Student response to the proposals put forward by the review has been highly critical. Aaron Porter, NUS president, said: “If adopted, Lord Browne’s review would hand universities a blank cheque and force the next generation to pick up the tab for devastating cuts to higher education. The only thing students and their families would stand to gain from higher fees would be higher debts”.
He went on to argue that “there is no clear assurance that a hike in fees would improve student choice or quality and the evidence since fees tripled four years ago shows that neither student satisfaction nor quality has improved.”
LUSU President Robbie Pickles released a statement commenting “Lord Browne’s review has certainly provided food for thought for many organisations, but it is important to remember that it is not a government proposal yet.” He argued that “attempts to spin this as a ‘progressive step’ will fall flat. Students are not stupid, and neither are their parents. They will struggle under increased debt and our communities will struggle if less people can afford the education needed to fulfil a valuable role in society. Where will the teachers, doctors and nurses of the future come from?”
Paul Wellings, the Vice-Chancellor of Lancaster University and Chair of the 1994 Group of leading research-intensive universities has been a central figure in the recent row over tuition fees. He commented on the release of the Browne review, calling it “the first progressive step in a long process to address the important issue of university funding”. Wellings holds the view that “everyone’s priority has to be to reassure students of all backgrounds that they will be able to attend a university with the resources necessary to offer academic excellence and the very best experience. Wellings asserted that “most importantly, the impact of the Comprehensive Spending Review later this month must not be allowed to detract from the gains offered to universities by the Browne Review.“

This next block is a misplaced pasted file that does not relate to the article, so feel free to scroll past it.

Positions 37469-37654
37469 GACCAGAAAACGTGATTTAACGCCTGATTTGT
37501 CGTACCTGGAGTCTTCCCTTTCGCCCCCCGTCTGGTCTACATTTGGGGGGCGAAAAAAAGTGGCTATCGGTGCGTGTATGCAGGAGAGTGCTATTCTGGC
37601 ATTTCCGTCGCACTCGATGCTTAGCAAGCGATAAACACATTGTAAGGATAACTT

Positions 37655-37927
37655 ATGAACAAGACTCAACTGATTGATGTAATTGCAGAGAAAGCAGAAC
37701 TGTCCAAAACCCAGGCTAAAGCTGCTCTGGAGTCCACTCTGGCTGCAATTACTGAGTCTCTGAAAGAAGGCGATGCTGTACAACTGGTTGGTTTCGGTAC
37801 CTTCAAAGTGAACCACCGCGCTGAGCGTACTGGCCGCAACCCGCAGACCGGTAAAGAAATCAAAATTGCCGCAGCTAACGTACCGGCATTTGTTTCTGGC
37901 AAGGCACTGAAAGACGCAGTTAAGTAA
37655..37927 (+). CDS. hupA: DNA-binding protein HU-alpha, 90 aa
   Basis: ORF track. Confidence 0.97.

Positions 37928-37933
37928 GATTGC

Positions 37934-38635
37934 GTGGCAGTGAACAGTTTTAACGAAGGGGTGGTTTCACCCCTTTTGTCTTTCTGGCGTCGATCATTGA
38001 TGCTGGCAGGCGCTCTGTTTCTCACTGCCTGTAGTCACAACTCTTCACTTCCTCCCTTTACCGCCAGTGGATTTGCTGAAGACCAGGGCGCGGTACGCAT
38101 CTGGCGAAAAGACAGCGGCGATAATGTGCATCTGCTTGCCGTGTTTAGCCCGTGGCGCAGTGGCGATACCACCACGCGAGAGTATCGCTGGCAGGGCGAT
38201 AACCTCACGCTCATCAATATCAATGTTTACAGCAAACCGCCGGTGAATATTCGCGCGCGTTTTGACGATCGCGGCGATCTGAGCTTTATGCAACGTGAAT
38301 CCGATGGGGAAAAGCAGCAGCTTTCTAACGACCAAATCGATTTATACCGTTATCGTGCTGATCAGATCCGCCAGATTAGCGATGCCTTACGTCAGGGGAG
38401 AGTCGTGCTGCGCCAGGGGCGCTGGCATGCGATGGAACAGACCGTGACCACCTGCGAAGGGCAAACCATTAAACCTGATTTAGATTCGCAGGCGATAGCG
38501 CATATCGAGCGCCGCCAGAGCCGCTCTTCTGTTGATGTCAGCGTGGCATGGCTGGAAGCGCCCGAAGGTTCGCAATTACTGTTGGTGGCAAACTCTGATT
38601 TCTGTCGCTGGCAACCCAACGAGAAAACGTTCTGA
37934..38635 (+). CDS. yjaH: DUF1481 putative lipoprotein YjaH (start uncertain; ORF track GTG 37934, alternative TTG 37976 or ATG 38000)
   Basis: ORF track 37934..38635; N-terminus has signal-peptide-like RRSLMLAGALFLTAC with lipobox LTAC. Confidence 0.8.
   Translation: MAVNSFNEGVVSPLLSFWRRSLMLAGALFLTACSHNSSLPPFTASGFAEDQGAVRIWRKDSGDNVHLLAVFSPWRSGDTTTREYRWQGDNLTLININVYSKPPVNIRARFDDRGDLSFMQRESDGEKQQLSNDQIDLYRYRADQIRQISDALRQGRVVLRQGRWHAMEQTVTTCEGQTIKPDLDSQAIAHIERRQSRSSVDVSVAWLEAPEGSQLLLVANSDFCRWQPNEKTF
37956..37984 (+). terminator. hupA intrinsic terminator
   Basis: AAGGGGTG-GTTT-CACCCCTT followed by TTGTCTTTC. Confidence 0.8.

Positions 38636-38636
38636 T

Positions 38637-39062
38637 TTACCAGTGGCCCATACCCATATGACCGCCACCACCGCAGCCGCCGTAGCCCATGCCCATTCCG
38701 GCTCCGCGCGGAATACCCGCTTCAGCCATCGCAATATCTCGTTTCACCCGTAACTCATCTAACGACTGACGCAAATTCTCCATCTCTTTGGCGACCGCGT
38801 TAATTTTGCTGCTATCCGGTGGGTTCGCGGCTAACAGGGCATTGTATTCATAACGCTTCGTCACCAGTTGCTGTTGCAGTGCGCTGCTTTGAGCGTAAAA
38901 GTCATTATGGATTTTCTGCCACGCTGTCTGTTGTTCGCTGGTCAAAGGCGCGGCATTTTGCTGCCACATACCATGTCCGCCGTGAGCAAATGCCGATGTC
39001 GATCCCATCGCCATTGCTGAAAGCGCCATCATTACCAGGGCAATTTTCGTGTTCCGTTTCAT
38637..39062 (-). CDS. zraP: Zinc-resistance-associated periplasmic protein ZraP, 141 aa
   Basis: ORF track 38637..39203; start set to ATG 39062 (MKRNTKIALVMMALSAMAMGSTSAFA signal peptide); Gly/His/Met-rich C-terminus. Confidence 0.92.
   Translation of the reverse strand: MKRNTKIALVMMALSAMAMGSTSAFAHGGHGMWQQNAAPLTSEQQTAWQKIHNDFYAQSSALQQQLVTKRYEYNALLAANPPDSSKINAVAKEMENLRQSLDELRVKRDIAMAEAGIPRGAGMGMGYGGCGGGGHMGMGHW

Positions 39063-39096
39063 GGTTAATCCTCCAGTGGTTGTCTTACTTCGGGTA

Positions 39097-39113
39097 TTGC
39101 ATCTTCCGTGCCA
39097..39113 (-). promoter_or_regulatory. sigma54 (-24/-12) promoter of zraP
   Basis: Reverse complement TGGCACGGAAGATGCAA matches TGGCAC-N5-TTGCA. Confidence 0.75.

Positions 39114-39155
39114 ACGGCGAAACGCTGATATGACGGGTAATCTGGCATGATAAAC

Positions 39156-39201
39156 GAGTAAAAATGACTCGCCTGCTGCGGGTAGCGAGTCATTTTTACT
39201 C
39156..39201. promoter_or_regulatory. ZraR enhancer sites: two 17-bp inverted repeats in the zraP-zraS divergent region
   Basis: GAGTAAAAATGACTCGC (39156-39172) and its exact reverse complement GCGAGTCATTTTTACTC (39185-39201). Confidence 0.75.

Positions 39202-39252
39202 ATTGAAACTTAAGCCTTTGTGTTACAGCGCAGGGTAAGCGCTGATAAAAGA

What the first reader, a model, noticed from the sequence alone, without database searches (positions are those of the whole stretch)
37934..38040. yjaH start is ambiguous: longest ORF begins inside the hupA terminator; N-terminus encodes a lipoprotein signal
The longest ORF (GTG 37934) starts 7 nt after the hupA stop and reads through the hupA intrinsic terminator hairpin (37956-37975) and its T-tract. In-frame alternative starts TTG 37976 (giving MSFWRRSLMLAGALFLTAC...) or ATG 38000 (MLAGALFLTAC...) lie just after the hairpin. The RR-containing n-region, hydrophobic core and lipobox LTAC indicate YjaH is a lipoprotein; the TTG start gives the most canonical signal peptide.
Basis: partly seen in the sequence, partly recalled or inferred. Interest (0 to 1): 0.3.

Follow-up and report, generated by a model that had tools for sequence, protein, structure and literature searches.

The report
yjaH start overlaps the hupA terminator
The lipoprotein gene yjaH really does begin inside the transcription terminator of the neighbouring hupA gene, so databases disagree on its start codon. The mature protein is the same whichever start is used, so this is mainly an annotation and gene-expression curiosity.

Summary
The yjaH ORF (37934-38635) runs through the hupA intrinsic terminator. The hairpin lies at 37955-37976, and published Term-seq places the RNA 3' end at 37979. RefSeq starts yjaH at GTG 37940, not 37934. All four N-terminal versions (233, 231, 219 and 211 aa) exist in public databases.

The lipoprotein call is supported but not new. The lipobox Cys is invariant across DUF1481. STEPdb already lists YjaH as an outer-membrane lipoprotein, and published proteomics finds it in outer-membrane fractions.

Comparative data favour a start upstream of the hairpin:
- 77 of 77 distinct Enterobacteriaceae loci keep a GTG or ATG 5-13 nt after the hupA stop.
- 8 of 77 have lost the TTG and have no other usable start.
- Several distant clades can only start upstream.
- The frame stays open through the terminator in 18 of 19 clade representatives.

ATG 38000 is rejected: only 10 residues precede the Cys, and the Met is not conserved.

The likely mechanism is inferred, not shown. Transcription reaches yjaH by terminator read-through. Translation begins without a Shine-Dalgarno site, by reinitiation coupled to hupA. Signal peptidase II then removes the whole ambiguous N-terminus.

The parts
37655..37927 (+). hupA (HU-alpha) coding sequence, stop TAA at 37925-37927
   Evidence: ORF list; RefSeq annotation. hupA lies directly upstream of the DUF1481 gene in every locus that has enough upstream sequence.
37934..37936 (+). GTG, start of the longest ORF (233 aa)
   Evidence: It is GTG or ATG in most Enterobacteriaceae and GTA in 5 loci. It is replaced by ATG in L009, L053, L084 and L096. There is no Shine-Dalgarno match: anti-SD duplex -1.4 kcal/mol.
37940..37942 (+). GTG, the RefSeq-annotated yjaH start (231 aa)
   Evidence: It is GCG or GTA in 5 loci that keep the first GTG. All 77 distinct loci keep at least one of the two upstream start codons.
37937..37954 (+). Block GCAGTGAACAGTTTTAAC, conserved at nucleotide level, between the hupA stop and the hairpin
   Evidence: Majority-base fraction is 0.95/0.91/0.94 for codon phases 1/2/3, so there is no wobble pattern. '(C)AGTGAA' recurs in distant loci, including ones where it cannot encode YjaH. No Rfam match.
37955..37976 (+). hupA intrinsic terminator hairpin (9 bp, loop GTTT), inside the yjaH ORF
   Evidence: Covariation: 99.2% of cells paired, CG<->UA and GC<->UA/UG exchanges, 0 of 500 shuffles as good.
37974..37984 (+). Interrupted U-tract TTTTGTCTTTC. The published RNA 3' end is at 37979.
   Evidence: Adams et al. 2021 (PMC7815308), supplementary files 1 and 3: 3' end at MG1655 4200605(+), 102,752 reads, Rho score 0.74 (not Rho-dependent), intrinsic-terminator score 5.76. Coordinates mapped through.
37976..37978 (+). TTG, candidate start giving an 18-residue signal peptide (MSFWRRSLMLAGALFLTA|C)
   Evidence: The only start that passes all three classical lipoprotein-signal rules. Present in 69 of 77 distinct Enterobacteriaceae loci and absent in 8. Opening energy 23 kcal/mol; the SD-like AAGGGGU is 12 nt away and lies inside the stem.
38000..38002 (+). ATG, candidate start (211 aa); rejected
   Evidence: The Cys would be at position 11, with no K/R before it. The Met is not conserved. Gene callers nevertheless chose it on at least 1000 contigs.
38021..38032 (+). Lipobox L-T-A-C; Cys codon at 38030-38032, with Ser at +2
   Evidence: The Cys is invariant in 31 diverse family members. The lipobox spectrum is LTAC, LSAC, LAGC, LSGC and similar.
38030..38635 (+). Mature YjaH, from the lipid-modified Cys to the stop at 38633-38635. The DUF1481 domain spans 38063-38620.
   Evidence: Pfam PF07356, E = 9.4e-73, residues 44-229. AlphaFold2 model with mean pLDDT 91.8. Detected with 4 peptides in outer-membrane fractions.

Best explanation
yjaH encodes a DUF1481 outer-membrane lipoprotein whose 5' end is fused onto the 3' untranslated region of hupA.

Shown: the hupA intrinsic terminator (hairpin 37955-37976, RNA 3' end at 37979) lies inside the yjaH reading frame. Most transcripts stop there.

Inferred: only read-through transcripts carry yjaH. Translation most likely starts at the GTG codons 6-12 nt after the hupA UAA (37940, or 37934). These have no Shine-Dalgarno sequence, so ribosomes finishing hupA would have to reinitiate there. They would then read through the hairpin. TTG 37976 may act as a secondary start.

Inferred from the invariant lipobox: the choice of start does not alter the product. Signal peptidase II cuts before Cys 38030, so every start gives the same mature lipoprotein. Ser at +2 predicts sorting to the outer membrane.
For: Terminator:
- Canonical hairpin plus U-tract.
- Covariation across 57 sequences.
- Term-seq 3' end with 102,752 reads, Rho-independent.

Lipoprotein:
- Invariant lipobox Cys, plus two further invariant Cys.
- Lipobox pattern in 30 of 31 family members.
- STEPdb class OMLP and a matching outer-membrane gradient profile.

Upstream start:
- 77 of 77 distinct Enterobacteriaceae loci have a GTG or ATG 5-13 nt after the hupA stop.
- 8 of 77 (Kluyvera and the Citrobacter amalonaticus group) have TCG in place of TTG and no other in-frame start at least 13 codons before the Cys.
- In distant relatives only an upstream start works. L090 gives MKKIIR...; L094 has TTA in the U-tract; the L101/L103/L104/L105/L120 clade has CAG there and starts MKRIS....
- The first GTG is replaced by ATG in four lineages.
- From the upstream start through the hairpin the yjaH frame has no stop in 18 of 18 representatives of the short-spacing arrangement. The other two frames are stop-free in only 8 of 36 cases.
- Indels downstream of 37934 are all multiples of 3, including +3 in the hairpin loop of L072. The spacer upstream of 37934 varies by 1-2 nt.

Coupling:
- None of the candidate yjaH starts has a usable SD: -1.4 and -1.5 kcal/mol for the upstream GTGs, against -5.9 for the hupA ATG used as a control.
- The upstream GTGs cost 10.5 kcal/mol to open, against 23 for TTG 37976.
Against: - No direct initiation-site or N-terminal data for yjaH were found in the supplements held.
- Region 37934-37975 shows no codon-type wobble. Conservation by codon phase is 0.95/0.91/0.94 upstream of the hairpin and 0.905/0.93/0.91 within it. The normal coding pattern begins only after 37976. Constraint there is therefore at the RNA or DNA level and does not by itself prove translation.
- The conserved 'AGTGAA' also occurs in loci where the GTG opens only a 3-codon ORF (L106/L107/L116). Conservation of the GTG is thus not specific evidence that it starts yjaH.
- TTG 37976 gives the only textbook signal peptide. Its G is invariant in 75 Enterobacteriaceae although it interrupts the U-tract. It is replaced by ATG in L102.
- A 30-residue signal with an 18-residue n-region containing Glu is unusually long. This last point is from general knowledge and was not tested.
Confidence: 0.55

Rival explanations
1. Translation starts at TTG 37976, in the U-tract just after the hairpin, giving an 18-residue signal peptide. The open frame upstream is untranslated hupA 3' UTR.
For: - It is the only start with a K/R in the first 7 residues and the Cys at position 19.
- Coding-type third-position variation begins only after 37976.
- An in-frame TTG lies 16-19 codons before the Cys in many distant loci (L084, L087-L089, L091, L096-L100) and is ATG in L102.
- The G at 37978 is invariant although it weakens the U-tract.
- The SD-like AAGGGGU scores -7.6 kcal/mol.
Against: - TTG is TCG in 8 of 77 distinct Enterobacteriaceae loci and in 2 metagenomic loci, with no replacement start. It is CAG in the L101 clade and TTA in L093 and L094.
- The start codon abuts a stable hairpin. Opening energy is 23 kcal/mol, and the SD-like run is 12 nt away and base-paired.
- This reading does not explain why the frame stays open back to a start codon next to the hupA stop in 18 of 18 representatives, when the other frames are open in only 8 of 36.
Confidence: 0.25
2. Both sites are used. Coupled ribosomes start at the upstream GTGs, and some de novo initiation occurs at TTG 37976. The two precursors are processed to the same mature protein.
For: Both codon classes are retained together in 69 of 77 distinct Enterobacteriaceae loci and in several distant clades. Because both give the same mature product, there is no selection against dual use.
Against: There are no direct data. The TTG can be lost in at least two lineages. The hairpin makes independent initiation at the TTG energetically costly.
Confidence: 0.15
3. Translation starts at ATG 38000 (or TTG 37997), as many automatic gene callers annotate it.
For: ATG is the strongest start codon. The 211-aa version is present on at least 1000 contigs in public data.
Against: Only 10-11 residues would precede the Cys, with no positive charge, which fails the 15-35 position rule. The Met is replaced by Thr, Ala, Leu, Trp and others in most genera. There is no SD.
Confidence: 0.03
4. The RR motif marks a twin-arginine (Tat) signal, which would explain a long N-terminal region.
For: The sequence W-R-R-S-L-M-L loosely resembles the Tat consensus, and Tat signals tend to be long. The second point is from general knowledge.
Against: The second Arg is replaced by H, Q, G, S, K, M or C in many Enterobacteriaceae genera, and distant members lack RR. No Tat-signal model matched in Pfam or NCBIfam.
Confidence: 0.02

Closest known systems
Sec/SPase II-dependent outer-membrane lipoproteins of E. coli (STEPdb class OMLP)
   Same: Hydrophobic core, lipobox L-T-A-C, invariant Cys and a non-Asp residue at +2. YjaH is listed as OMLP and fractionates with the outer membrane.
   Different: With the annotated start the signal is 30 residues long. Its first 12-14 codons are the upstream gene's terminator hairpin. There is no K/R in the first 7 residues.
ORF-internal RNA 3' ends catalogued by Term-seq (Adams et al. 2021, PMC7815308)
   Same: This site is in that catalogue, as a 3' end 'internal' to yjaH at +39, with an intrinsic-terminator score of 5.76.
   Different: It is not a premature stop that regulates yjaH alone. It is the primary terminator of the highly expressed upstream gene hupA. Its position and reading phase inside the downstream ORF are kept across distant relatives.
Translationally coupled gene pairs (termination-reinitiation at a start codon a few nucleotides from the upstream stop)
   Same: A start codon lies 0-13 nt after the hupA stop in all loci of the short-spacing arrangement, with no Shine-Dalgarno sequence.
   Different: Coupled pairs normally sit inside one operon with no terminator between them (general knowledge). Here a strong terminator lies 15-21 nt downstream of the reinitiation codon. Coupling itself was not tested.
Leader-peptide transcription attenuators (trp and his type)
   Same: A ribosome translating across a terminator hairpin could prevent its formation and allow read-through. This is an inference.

The official statement on the events from the government Business, Innovation and Skills (BIS) press office took a positive view of the proposals. In it, Secretary of State for Business Vince Cable, argued that “They [Lord Browne and the review team] have taken evidence from a wide range of people including students, the higher education sector and business. We will judge their recommendations against the impact on student debt, ensuring a properly funded university sector, improving the quality of teaching, increasing social mobility and attracting a higher proportion of students from disadvantaged backgrounds.”